Guard thought dying shoplifter's cries were 'a trick'

A security guard claimed today he thought the dying cries of a violent shoplifter were part of a "trick" to get away.

Sam Bawden, 25, helped catch a fleeing thief and allegedly held him face down in a powerful neck lock, until police arrived.

Aaron Bishop, 23, of Swansea, south Wales, is said to have violently struggled as four security guards in total held his arms and legs.

Horrified shoppers looked on as former soldier Mr Bishop turned purple and eventually died at the Quadrant Shopping Centre, in Swansea.

The father-of-three had been caught stealing a bottle of £35 Joop! perfume from the centre's Debenhams store in July last year.

The jury at Swansea Crown Court has heard shoppers at the scene warned Bawden he was in danger of suffocating the former soldier.

Mr Bishop was heard to plead to be released and complain that he was unable to breathe.

Bawden, of Neath, south Wales, is on trial accused of the manslaughter of Mr Bishop, a charge he denies.

He told the jury today he believed Mr Bishop's claims he could not breathe were part of a "trick" to try to get away.

He also dismissed suggestions he had ever restrained Mr Bishop around the neck and claimed he continued struggling until police arrived.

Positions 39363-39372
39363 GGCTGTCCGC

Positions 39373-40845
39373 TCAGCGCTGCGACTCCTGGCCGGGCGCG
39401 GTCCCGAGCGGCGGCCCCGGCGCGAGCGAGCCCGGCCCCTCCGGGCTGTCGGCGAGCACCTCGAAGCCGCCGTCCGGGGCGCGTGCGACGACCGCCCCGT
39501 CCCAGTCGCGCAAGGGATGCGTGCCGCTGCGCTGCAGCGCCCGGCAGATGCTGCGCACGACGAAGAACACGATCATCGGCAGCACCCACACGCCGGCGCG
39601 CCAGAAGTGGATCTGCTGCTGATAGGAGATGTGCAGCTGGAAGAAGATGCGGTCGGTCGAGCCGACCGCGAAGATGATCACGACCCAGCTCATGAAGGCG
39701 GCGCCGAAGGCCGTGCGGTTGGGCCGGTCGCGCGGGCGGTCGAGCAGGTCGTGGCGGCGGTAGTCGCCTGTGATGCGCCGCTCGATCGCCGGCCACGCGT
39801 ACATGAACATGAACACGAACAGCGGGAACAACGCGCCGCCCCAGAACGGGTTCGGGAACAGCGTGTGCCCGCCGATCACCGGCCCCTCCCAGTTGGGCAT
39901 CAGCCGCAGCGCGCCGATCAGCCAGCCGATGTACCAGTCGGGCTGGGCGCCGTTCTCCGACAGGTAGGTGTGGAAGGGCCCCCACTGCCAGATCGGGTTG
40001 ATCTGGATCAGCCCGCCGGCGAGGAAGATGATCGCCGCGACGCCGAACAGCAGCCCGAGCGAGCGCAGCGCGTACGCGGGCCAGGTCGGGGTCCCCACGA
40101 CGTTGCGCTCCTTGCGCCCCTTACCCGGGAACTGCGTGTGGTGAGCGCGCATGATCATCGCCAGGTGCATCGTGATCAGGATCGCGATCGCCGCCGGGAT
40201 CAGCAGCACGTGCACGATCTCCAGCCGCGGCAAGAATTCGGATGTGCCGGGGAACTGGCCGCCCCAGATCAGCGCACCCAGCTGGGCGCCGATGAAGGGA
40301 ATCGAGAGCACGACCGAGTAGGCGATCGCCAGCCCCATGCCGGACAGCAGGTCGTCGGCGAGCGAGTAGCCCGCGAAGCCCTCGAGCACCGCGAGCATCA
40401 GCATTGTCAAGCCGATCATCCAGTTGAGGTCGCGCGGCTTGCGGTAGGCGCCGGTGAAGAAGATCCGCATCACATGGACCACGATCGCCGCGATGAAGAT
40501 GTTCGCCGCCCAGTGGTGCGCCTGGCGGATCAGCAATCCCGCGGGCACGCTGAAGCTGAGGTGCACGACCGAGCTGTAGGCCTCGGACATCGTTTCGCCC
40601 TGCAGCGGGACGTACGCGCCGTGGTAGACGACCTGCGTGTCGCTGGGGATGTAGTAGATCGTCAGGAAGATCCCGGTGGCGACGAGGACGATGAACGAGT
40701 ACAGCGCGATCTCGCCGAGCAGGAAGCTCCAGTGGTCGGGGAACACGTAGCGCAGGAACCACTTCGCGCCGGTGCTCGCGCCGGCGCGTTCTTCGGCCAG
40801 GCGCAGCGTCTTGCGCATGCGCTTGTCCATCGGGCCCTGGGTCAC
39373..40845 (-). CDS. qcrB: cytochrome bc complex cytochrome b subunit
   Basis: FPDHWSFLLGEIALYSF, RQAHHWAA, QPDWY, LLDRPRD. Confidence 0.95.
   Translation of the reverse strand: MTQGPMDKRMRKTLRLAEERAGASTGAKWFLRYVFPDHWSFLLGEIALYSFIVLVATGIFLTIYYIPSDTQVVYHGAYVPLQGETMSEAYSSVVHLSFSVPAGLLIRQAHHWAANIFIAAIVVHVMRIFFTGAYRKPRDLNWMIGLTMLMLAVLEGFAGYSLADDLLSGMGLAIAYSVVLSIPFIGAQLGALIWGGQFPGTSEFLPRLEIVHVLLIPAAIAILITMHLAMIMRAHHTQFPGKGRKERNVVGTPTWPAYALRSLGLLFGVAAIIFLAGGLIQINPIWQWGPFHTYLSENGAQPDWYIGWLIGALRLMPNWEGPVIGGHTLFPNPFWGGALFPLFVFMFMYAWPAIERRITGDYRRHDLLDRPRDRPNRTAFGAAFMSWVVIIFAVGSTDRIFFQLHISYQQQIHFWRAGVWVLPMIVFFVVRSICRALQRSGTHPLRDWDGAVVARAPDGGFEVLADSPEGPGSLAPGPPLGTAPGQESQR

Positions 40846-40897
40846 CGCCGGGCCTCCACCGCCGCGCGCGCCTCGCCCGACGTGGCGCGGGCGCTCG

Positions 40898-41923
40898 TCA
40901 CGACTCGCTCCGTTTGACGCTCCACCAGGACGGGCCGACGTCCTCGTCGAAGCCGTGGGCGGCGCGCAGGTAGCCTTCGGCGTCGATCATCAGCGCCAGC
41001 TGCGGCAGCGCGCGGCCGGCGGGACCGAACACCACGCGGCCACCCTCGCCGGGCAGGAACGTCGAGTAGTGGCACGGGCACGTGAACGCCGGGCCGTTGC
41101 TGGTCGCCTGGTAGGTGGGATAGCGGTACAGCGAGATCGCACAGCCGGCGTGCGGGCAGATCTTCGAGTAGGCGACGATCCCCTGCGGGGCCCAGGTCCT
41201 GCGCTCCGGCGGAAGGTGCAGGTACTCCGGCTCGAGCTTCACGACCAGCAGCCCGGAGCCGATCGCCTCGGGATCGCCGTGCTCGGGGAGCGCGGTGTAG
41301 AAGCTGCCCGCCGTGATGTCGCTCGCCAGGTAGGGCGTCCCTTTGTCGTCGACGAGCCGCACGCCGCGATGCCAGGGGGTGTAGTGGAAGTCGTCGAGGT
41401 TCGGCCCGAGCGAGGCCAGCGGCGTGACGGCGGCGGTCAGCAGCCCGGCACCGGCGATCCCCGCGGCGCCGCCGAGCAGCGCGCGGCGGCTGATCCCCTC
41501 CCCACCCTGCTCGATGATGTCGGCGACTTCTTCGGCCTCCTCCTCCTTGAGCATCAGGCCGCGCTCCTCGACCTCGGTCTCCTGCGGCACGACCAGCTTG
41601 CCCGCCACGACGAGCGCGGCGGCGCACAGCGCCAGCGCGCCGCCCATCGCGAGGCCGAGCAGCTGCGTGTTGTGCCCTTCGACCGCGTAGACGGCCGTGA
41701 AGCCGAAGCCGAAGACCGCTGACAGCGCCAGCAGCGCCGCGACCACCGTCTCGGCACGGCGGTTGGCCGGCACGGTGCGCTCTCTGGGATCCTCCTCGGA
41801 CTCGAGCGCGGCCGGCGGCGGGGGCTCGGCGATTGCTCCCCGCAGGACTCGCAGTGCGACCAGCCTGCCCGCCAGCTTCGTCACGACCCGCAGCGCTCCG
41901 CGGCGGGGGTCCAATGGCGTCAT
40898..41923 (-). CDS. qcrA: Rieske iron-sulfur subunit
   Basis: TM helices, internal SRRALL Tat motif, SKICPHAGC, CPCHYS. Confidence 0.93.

Speaking in his own defence, he said: "Obviously, in my opinion you have got to breathe, and the fact that he was still struggling, violent and aggressive, the fact that he was still shouting, I came to the conclusion that he was trying to trick us."

He added: "I never thought that he was in physical distress at any point.

"If I had honestly believed that he was in any sort of physical distress I would have assisted him, helped him, eased off him. Personally, I thought we had a duty of care to him."

He agreed that Mr Bishop had complained he could not breathe but said that he had also been abusive.

"He shouted to us to 'f****** get off me,' at one point he did shout 'I cannot breathe,' but the main emphasis was 'f****** get off me."'

He said the first time he was aware that there was something wrong with Mr Bishop was shortly after the police arrived.

Efforts to save Mr Bishop began within seconds of the police arriving on the scene.

Bawden told the court he helped as best he could, bringing a defibrillator to the scene stored at the mall for emergencies.

"I tried to assist as best I could. I felt sick to be honest, shocked and upset. I was shaking," he said.

Elwen Evans QC, defending, asked: "Did you think that you had done anything wrong?"

"No, I did not," Bawden said.

"Did you strangle Mr Bishop," Ms Evans asked.

Bawden: "No, I did not."

Ms Evans: "Did you intentionally cause him any harm?"

Bawden: "No, I did not."

Ms Evans: "Did you deliberately have him in some sort of hold or lock to cause him harm?"

Bawden: "No."

Ms Evans: "Did you want to do him any harm?"

Bawden: "No."